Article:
Giving notice for an internal promotion

Does giving notice amount to an unambiguous act of resignation? Not necessarily, said the Employment Appeals Tribunal in East Kent Hospitals University NHS Foundation Trust v Levy.

Resignation

In this case, the Claimant worked as an Administrative Assistant in the Trust's records department and had received a conditional offer of a role in the Radiology Department. She therefore sent a letter saying "Please accept one month's notice from the above date".

The conditional offer was subsequently withdrawn. Ms Levy then sought to retract what she described as her 'notice of resignation'. but this was not accepted by the Respondent and her employment ended. She won her claim of unfair dismissal at the Employment Tribunal.

Ambiguity in the notice

The Employment Tribunal held the Claimant's notice to be ambiguous, not necessarily referable to resignation. Their conclusion was later upheld by the Employment Appeals Tribunal.

As a consequence, objective analysis of how the reasonable recipient would have understood the words was required. The Tribunal was entitled to conclude that the respondent had understood the words as merely intended to signify the move from the records department to radiology, and that that was the objectively reasonable interpretation.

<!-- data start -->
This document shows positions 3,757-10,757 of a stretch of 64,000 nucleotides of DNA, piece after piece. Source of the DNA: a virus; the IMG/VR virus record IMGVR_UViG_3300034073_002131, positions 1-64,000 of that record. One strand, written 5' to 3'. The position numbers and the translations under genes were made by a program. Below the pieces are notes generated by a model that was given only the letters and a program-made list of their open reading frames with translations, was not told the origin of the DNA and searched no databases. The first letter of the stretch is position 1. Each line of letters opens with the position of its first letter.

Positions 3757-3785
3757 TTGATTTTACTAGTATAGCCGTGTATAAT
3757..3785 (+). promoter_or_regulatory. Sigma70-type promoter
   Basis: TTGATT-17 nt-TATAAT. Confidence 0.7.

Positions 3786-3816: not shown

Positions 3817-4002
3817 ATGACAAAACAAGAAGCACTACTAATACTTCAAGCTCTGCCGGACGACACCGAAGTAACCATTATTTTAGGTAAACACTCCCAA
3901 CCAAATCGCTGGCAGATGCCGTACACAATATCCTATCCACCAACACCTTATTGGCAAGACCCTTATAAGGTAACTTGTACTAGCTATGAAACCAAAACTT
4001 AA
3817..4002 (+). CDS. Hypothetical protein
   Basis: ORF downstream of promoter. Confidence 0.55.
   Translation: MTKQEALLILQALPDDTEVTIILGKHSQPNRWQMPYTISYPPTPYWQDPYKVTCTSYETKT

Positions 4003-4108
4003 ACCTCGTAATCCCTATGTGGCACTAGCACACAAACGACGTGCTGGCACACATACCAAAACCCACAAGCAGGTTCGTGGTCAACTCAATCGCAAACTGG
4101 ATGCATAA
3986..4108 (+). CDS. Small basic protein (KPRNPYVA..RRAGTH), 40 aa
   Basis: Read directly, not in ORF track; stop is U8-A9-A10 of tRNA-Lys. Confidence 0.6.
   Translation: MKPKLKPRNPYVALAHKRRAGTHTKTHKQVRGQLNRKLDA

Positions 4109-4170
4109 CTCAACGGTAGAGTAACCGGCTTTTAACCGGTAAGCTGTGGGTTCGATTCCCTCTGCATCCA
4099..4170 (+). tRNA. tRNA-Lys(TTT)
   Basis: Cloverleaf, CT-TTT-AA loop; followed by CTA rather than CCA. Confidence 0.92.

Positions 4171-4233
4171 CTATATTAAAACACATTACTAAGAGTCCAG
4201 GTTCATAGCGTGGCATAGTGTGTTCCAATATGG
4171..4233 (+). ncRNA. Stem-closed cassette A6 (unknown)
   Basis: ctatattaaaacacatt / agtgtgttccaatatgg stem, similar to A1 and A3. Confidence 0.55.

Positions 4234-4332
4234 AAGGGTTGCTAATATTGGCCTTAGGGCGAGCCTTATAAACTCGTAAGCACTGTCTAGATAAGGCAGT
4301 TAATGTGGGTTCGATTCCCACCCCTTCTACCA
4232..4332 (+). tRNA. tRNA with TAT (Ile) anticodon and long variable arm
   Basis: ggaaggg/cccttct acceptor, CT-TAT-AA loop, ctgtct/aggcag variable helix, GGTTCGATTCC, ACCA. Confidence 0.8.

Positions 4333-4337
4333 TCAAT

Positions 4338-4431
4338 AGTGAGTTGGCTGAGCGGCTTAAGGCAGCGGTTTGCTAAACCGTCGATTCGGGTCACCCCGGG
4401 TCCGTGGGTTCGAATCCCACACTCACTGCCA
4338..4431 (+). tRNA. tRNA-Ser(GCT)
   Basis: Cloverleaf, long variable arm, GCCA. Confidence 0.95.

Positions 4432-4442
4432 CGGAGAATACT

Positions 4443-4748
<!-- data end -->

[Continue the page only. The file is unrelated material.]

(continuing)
Notice in an employment context

Paul Burton, Head of Frettens' Employment Team, comments "Although the word 'notice' in the employment context might generally signify an unambiguous notification of termination of the contract, that was not so in the particular circumstances of this case. Here, the Claimant had an offer of a position within another department and her 'notice' could equally be taken to refer to her notification of her departure from the current department. Given the ambiguity arising from the Claimant's letter giving notice, the Employment Tribunal had correctly applied an objective test when determining how the words used would have been understood by the reasonable recipient of the letter."

The Employment Appeals Tribunal cautioned against taking account of subsequent events unless genuinely explanatory of the earlier intention. 

 

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